In my opinion, instead of making more content in order to fill some unnamed quota game developers should rather focus on making the main content on offer more varied and interesting. Forget the thousands of mountaintops; give us one or two realistic, living cities where every street is unique and interesting. Ditch the millions of minor baddies; put before us one amazing, memorable antagonist and their closest associates, whose mannerisms and motivations are as diverse as they are deadly. In short – go back to quality over quantity in open world games. This would likely reduce both the cost and the time frames necessary to create these titles, and who knows? Slightly shorter, more polished releases might actually bring in more fans – and thus, more profits – to publishers producing open world games in the long run.

Make it Count

One of the main problems in the open world genre as a whole is knowing when to say when. There is a constant pull in these titles between the narrative and technical sides of the worlds within, meaning that often times open world games need to place unnecessary and frequently preposterous gate-keepers in the form of overpowered enemies or impossible-to-complete missions before the player to avoid breaking the established narrative. It’s difficult to blame developers for the issue, however, when outspoken gamers also play a role in how these games are constructed.

When Fallout 3 was initially released, Bethesda received a mega-ton of negative feedback when it was revealed that there was a point at which the player could no longer freely explore the Capital Wasteland should a particular story mission be reached. At the time, Bethesda caved and patched out the ‘issue’, allowing for the breaking of narrative in the interest of keeping the title more fully open-ended and explorable. Sadly, in my opinion this has caused a ripple effect in open world gaming, causing subsequent development teams to similarly craft worlds with never-ending loads of things to do that don’t really have much impact.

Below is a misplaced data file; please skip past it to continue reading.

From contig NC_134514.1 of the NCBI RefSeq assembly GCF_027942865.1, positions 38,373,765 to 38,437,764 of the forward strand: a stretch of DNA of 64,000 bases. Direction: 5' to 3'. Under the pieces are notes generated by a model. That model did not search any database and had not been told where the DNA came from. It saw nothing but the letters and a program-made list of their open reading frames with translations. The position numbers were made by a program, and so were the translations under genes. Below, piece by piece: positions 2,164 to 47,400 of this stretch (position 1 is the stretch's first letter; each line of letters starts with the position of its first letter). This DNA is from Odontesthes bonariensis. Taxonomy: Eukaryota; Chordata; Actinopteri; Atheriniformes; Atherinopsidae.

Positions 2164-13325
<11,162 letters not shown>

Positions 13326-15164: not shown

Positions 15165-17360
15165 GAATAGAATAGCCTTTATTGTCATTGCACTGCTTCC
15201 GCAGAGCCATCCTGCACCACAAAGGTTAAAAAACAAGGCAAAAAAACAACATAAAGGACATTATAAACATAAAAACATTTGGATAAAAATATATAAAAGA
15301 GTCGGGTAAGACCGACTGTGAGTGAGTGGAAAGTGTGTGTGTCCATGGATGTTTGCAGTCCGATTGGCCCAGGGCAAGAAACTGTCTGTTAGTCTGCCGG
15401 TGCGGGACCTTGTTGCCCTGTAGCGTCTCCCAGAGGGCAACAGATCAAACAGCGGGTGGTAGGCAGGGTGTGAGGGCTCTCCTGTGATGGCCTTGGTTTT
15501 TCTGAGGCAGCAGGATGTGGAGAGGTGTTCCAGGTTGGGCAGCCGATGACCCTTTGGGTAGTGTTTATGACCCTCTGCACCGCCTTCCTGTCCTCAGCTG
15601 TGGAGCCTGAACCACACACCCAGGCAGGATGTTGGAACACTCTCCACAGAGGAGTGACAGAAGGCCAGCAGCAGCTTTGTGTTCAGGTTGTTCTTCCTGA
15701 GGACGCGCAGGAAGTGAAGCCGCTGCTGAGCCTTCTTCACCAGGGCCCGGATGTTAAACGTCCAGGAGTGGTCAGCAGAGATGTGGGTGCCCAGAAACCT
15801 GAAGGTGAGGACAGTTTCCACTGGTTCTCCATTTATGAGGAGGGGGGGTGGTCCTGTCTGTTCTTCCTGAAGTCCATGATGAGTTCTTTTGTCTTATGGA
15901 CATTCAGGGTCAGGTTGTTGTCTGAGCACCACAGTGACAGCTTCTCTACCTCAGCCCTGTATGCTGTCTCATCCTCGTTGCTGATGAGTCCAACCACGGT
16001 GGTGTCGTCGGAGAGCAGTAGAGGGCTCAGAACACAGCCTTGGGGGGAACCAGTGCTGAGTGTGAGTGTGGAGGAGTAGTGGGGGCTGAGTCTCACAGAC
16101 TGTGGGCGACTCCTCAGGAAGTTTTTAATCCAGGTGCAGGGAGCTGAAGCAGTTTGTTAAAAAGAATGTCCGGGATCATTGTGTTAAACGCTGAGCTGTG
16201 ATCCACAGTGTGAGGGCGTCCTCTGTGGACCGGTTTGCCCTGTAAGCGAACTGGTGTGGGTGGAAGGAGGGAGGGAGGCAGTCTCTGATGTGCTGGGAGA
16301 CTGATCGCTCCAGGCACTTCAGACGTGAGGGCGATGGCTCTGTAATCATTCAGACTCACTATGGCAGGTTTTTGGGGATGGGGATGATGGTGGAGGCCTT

I would argue that as with side quests, so too should go main quests – make them count. Make our choices as players really matter, and craft the experiences that lead to those choices along a logical pathway that rings true to who and what we understand our characters to be. Don’t put a un-pickable door somewhere if you gave us the skill to break in everywhere else, and don’t kill us with a level 1,000 goat after we’ve slain half a continent. If the game needs to end in order for it to make sense, then have the courage to let it end. Give us that open world sandbox we love so much, yes – but give it realistic boundaries, and we’ll enjoy playing in it that much more.

Hope, Thy Name is Indies

Given the financial realities of today’s gaming space, remakes and remasters of our favorite open world titles are likely here to stay. That doesn’t mean all hope is lost, however – and I for one choose to put mine in the innovative minds behind today’s indie and so-called “AA” releases. Smaller teams, unattached to established franchises and not beholden to large publishers can, with today’s technology, create amazing new worlds for us to explore. Hopefully, we’ll begin to see more and more of what they can do for the open world genre in the future.

Until then, I suppose I’ll call my horse. I’ve got some more caves to empty.

(Note: This article was originally written for Gaming Instincts.)